The values of the parameters α, β and γ are all set to 1, while parameter h = 10. These are default values adapted from the work of Mendoza and Xenarios [14]. A software package called Berkeley Madonna, created by Robert Macey and George Oster of the University of California at Berkeley [25], was used to solve the system of ODEs. The fixed delay mechanism and the logical and operation were incorporated using default functions in the software. The delay was added to incorporate the activation mechanism of the two antioxidants. The initial activation levels of the involved components were all set to zero, except for x1, x2 and x16 which are the input variables. The models were run using the different values of the input variables. The effect of the hormones on the various components of the network, upon introduction to the system, was observed. The simulation started with all input variables set to 0. The level was increased by increments of 0.1 until the maximum level of 1.0 was achieved. The response of the different components was then observed. Several combinations of these values for ABA, ET and MeJA levels were used for the simulation process. The list of notations used in the implementation is given in Table 2.

Results and discussion

Upon analyzing all the models, M16 showed the most consistent result. Unlike M16, the other 15 models did not show the diminished stomatal closure level when guard cells were presented with combined ABA and ET stimulus. The model considered the logical operator on AXO2 and delay mechanism on the antioxidants. Moreover, the model incorporated the hypothesized connection between pH and ET.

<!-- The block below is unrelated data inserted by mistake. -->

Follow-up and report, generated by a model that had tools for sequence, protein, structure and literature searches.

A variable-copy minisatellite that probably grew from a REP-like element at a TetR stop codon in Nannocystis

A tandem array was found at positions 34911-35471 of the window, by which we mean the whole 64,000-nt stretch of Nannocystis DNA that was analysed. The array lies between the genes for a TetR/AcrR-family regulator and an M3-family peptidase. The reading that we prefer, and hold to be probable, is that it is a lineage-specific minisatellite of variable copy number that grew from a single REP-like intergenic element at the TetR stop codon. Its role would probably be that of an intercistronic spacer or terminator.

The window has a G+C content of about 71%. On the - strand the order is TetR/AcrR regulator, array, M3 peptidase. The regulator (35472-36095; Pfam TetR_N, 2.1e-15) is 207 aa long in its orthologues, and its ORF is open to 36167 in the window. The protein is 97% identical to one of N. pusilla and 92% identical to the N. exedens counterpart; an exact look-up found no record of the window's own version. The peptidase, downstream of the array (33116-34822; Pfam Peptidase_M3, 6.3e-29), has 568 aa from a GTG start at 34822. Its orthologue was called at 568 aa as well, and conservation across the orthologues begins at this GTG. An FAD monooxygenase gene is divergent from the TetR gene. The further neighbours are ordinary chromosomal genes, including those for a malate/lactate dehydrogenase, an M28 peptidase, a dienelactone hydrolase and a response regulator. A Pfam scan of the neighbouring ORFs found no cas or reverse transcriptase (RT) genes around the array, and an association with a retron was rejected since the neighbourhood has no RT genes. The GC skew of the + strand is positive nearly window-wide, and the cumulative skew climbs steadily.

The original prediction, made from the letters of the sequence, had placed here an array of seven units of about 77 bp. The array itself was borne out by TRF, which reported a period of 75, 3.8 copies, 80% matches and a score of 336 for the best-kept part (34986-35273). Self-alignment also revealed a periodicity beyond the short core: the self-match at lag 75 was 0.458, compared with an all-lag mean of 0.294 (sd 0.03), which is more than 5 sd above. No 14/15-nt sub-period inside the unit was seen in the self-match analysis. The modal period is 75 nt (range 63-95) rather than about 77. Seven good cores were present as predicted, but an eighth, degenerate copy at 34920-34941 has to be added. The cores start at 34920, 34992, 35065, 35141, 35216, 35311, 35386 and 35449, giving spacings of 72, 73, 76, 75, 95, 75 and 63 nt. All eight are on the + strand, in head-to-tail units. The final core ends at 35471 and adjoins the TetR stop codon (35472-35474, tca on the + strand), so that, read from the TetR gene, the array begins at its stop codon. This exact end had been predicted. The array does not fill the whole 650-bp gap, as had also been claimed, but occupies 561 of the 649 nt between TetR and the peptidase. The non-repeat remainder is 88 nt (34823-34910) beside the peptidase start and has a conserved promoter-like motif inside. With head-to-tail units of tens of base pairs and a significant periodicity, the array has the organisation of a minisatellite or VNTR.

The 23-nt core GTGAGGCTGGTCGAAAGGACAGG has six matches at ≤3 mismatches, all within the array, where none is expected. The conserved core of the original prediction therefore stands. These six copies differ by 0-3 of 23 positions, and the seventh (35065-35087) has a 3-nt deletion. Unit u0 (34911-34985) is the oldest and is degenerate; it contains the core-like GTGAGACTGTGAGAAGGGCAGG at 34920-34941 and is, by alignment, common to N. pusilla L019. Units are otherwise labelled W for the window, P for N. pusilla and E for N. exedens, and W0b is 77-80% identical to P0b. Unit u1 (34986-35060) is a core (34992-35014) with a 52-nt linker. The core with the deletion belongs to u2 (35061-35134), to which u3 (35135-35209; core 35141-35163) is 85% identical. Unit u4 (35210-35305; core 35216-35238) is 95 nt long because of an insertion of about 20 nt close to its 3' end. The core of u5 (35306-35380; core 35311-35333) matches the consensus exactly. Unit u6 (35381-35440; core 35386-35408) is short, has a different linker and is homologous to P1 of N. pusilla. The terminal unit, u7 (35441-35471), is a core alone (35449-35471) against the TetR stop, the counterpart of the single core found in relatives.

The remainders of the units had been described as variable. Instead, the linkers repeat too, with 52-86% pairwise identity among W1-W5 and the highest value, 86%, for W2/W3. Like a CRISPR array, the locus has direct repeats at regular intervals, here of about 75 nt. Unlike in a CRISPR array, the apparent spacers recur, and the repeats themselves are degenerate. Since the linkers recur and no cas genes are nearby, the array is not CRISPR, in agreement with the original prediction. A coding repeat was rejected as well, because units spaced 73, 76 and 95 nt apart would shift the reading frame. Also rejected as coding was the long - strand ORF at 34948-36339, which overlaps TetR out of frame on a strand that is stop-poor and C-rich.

By examining M16 closely, we deduced that in the absence of both ET and ABA, guard cells cannot sustain stomatal closure. This result was expected since both ET and ABA are effectors of stomatal closure response [2,26]. Moreover, the results confirmed the role of ABA and ET in inducing closure of the stomata. The increase in the level of ABA was important in maintaining the closure. Closure was sustained when an ABA level of 0.35 was introduced. Similar results were observed when ET was introduced in the system.

Results also showed that a sufficient level of ROS production was needed to maintain the closed state of stomata (Fig 3). This confirmed the significance of ROS in ABA and ET-induced stomatal closure [2,18,24,27,28]. When the level of ROS is close to zero, the stomata were open.

Fig 3. Activation level of ROS and aperture.

(A) ABA or ET level is equal to 1; (B) MeJA level equal to 1; (C) ABA or ET level is equal to 0.2; (D) MeJA level is equal to 0.2.